The red kite is primarily a scavenger, taking a wide range of animal carrion including sheep, rabbits, birds and even waste from refuse dumps. In the past they were a common sight in some towns and cities where they scavenged amongst refuse. Kites also take live prey in the form of small mammals, birds and invertebrates.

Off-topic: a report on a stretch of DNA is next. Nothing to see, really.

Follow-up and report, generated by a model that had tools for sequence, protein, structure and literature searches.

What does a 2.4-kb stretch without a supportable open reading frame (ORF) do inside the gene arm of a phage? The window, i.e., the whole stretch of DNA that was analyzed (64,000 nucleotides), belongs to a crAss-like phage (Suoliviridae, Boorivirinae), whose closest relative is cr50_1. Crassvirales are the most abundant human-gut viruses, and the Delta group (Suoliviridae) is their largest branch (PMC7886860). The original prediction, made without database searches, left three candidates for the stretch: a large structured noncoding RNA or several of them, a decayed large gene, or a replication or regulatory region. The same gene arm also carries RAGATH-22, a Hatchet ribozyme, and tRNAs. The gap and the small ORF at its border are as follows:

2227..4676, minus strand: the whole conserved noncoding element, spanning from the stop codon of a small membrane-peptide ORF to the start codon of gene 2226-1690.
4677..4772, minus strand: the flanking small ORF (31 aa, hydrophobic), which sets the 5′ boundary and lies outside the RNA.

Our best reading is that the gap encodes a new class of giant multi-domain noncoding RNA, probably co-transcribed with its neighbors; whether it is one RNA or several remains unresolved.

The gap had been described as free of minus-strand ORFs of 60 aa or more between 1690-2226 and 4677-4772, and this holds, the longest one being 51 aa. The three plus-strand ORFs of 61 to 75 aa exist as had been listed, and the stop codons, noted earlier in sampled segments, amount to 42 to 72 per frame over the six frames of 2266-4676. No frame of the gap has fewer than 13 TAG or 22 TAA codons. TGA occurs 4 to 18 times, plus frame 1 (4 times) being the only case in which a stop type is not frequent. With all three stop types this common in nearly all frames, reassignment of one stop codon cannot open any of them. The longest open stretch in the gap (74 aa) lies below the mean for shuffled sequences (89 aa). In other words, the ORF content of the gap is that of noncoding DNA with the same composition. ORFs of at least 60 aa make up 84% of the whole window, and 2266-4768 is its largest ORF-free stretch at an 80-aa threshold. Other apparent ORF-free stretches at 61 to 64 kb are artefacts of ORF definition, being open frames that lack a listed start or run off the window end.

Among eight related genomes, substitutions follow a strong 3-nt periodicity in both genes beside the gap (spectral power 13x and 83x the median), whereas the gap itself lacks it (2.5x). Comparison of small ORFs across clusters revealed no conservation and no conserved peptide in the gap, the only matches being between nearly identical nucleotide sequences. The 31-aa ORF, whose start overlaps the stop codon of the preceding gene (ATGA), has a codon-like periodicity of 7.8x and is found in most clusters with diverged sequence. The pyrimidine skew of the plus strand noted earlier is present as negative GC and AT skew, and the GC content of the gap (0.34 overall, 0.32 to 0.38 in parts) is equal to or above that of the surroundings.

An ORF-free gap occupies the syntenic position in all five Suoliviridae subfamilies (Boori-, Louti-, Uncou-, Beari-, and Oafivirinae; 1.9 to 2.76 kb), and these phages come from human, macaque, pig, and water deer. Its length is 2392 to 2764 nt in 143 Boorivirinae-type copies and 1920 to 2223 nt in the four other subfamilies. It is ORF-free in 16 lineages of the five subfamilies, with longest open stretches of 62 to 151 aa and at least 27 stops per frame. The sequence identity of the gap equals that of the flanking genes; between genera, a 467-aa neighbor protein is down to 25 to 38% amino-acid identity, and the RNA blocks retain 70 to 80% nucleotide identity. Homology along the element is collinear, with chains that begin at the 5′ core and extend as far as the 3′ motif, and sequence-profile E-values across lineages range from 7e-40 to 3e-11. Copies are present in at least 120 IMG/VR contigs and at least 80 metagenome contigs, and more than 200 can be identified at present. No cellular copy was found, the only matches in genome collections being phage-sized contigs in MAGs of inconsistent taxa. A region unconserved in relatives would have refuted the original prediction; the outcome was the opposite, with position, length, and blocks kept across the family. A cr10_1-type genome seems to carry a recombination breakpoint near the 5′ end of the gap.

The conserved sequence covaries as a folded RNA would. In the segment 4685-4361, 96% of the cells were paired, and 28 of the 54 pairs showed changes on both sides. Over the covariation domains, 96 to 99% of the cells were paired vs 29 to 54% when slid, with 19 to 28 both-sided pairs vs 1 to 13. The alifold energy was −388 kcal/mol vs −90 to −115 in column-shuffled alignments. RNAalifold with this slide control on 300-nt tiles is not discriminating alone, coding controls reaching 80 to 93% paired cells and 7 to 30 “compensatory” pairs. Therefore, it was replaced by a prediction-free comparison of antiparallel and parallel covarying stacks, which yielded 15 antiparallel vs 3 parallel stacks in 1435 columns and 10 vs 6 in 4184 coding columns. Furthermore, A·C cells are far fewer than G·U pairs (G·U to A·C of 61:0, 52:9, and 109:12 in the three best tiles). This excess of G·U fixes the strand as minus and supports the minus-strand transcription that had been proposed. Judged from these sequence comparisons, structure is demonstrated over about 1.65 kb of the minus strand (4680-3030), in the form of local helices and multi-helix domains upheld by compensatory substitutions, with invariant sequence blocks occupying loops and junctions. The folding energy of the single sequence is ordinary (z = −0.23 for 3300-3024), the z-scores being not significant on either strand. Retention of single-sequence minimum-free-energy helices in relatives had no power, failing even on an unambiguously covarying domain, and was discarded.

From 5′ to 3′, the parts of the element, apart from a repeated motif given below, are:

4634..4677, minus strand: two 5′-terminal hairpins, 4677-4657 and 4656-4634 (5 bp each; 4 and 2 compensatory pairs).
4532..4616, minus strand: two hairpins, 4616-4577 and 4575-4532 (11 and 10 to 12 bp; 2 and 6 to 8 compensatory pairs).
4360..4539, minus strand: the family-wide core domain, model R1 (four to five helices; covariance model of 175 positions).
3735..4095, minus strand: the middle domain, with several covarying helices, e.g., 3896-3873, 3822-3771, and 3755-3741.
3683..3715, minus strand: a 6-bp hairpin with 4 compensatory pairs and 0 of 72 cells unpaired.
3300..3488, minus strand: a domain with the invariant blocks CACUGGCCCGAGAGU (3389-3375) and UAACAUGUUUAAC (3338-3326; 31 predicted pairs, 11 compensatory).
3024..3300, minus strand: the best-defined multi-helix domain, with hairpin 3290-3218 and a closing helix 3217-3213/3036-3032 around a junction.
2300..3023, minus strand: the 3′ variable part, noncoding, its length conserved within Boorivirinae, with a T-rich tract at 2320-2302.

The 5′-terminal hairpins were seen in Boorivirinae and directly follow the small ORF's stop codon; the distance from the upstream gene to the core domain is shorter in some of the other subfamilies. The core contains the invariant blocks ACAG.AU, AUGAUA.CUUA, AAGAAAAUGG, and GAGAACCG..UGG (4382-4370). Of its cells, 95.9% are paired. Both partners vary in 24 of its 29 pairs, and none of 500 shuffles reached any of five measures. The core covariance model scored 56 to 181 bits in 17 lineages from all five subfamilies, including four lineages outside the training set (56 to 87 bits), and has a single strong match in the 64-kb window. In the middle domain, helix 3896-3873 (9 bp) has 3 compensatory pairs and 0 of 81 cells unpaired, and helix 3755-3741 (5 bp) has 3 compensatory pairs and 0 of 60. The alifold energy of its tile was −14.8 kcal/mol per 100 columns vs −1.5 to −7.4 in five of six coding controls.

Red kites tend to be monogamous and usually pair for life. A red kite's nest is an untidy arrangement of sticks, lodged in the fork of a tree, and often built on the base of an old crow nest. The nest is lined with sheep's wool and then 'decorated' with man-made materials such as pieces of paper, plastic or cloth. The red kite had a reputation for stealing garments left out to dry for use as nest decoration and Shakespeare referred to this habit when he wrote in 'The Winter's Tale' 'When the kite builds, look to lesser linen'. A clutch of one to four eggs is laid in April, and the bulk of the incubation duties are undertaken by the female. The male stays close to the nest at this stage, guarding against attacks by crows and other potential nest robbers. After about seven weeks the young birds leave the nest but remain dependant on the parent birds for food for a further three to four weeks. In contrast to the mainly site-faithful adults, some young red kites undertake long-distance movements and wandering individuals can turn up almost anywhere, often well away from the nearest breeding site.